Ooh, that’s a hard one! I have so many images that I love, and each one reminds me of a different moment in time, but there’s one sunset image that I love the most called Julian. I was having a tough day, and I was in a bit of a creative rut and feeling ‘not good enough’ creatively, so after work, I wandered down the beach with my camera, with no real intention of shooting anything in particular and the most amazing sunset happened. I snapped a couple of shots and looked at the images on the camera and was in awe of the colours. I did minimal editing on the image as the sunset colours were just captured so perfectly, now the image hangs above my bed as a reminder of what I can do and to believe in myself. It’s also turned out to be one of my most popular selling prints.

How do you continue to educate yourself to become a better photographer?
I just keep learning; i read magazine articles, blog posts, watch youtube videos and tutorials. I goto workshops and instameets, and I challenge myself and step outside the box of what I usually shoot.

What advice do you have for people wanting to grow their Instagram following?
Be authentic, be individual and grow your account organically. Don’t try and copy someone else's work or style; there are so many accounts out there doing the same thing that it’s hard to tell them apart. You want to stand out from the rest. Don’t cheat, buy followers or likes or use bots, don’t join comment pods etc. all of these are ways to ruin your reputation, people can see when you do this and it’s not a good look (it’s easy to see who is cheating), tourism boards and clients are also cottoning on to this. By using these kinds of methods, you also run the risk of Instagram deleting your account if the system notices you are cheating by using a third-party app to gain followers, like, comment etc. So just don’t do it!
The best way to grow is by posting regularly, being consistent, put your best work up, reply to your comments on your posts and interact and engage with others in the Instagram community that you like. Make sure you use the relevant hashtag. Be genuine about your comments and post on Instagram because you love it, because you love photography and you love what you do, not because you want to be instafamous or popular. Don’t chase numbers or focus on numbers, don’t compare yourself to anyone else, just be you!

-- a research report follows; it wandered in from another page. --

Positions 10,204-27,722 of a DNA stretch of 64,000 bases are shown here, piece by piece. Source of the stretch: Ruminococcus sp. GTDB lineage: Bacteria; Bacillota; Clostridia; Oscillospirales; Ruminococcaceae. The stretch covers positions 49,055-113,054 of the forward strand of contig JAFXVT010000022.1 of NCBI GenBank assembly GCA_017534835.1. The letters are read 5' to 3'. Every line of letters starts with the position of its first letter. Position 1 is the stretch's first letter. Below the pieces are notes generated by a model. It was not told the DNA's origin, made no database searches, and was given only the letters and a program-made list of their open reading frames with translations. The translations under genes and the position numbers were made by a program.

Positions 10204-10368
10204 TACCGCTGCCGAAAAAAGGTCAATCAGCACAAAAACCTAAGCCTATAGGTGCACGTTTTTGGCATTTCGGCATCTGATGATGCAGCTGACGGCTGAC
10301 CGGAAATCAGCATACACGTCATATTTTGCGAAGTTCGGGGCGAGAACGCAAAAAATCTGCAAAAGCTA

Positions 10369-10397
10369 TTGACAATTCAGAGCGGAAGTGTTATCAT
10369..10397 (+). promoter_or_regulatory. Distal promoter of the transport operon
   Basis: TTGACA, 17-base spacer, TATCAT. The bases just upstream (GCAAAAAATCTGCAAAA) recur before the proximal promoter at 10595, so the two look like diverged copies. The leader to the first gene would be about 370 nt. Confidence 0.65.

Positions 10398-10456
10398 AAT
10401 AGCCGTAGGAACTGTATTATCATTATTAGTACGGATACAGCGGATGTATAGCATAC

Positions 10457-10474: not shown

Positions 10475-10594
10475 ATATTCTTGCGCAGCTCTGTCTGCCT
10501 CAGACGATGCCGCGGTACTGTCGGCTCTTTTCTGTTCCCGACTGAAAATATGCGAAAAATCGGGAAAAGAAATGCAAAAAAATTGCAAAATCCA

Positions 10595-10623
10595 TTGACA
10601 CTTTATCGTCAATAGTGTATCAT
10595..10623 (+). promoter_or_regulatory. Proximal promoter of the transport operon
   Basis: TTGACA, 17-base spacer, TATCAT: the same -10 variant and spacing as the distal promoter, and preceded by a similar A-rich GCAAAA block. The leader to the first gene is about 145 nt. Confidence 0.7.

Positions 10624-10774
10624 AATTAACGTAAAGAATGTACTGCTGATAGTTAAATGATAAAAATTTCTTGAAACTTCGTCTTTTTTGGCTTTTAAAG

Who are your greatest photography inspirations?
Ante Badzim is one of my favourites; his work is just so simply beautiful you can check him out here -
Ansel Adams was an American photographer and environmentalist (born in 1902) and has some of the most beautiful black and white nature photos, and I grew up being inspired by his work.
Sean Scott, who is not only an extremely talented photographer, he is also one of the nicest guys you will ever meet.

What is the most memorable country you have visited?
Myanmar. I did a job for Changi Airport Singapore & Intrepid Travel, and I was allowed to take my mum with me. The country is still relatively untouched by tourists as it has not long been open to tourism. The history, the pagodas and temples are just so beautiful there, and I got to share it all with my mum while working.

What country are you dying to shoot in but haven’t had the chance?
Iceland. I think that’s on top of everyone list, isn’t it? I would love to shoot the northern lights when they are at their fullest.

What continues to motivate you to produce your work?
I just love what I do. I’m lucky to live in a location where the natural beauty is right on my doorstep so that i can shoot most days. I like to challenge myself to get out more, to visit new places and to capture a location differently than has been done before. I’ll try and shoot in all types of weather as well, just to keep it interesting.

Lastly, what is one piece of advice you would give someone starting out in photography?
One of the biggest misconceptions about photography is that you have to have a good camera to take good photos. This is not the case at all. You can take amazing photos from a point and shoot camera and an iPhone/smartphone and entry-level DSLRs. It’s about the person using it, having a creative eye. Sure the quality of images can become better as the camera gear becomes more expensive, but buy what is in your budget. Use what you’ve got and learn every aspect and feature of the camera and practice, practice, practice.

Follow Sera.

Website  Instagram